I’ve been thinking vaguely of rereading this one soon, and rereading my review has convinced me of it! A fun note I’m not sure I knew when I wrote this–the author Peter Dickinson was married to Robin McKinley, a long-time favorite author of mine. I love connections like that!
There’s an old legend that Merlin never died–that he’s imprisoned beneath a stone somewhere on the moor, sleeping through the centuries. And while he sleeps, what might he dream?
This is the frame-story for Peter Dickinson’s wonderful book, Merlin Dreams. He tells eight stories, eight dreams of Merlin beneath his stone. Between each story Merlin half-wakes, remembers his life or senses what goes on above him, then drifts back into sleep…and has another dream.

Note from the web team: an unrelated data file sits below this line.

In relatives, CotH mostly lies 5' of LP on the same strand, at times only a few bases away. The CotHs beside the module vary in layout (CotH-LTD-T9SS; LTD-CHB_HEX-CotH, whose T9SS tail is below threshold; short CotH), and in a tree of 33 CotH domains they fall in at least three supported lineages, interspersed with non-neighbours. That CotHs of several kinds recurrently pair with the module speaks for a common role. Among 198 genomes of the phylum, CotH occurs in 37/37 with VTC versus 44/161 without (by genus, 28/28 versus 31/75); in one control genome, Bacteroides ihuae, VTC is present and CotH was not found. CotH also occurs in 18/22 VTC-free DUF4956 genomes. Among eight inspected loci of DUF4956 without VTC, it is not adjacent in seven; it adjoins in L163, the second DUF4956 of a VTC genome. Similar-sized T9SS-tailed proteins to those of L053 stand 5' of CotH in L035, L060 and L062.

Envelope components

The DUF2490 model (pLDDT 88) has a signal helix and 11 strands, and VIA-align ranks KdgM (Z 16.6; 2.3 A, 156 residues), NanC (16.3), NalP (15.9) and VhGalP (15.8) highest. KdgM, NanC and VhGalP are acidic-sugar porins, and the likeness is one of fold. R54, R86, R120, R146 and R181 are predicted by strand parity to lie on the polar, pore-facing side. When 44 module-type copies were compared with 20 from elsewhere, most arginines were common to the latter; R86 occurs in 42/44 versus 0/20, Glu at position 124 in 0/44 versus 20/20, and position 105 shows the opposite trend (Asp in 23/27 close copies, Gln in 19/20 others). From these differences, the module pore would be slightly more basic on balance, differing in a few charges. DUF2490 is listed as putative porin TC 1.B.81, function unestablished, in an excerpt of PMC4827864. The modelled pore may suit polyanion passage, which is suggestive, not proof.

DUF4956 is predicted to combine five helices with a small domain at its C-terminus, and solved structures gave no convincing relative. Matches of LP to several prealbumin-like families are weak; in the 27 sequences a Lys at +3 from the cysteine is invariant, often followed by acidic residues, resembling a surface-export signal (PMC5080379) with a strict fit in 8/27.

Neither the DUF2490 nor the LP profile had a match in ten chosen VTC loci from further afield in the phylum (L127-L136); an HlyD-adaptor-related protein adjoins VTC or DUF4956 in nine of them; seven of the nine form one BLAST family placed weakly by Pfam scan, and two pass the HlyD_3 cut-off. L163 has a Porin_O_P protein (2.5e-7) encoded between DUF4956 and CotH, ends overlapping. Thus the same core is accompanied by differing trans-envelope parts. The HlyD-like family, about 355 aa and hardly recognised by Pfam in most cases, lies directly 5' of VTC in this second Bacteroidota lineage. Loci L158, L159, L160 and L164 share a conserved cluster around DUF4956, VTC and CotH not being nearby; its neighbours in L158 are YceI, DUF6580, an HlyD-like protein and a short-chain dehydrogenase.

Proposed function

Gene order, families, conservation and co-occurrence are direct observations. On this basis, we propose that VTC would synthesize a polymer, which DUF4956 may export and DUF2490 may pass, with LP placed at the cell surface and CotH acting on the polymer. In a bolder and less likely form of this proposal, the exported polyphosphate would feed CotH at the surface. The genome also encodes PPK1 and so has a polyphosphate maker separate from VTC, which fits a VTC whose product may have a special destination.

I’m fascinated by the frame story, and the short stories are excellent too. Several have a vaguely Arthurian flare, although I don’t think any retell an actual legend. But there are dashing (and not so dashing) knights, brave damsels and many unexpected heroes. There’s a king, fallen from honor and strength who needs a little girl to show him the way back. Another little girl befriends a unicorn in the woods, only to be threatened by men who want to exploit the opportunity to hunt a unicorn. Two stories feature tricksters who put on shows for country folk they hold in contempt, only to be undone by their own tricks. There’s a young prince who fights a dragon, and another, particularly ugly young man, who fights a sorceress. And woven throughout, Merlin remembers his own life, and strange fragments of other scenes and stories. Continue reading “Classic Review: Merlin Dreams”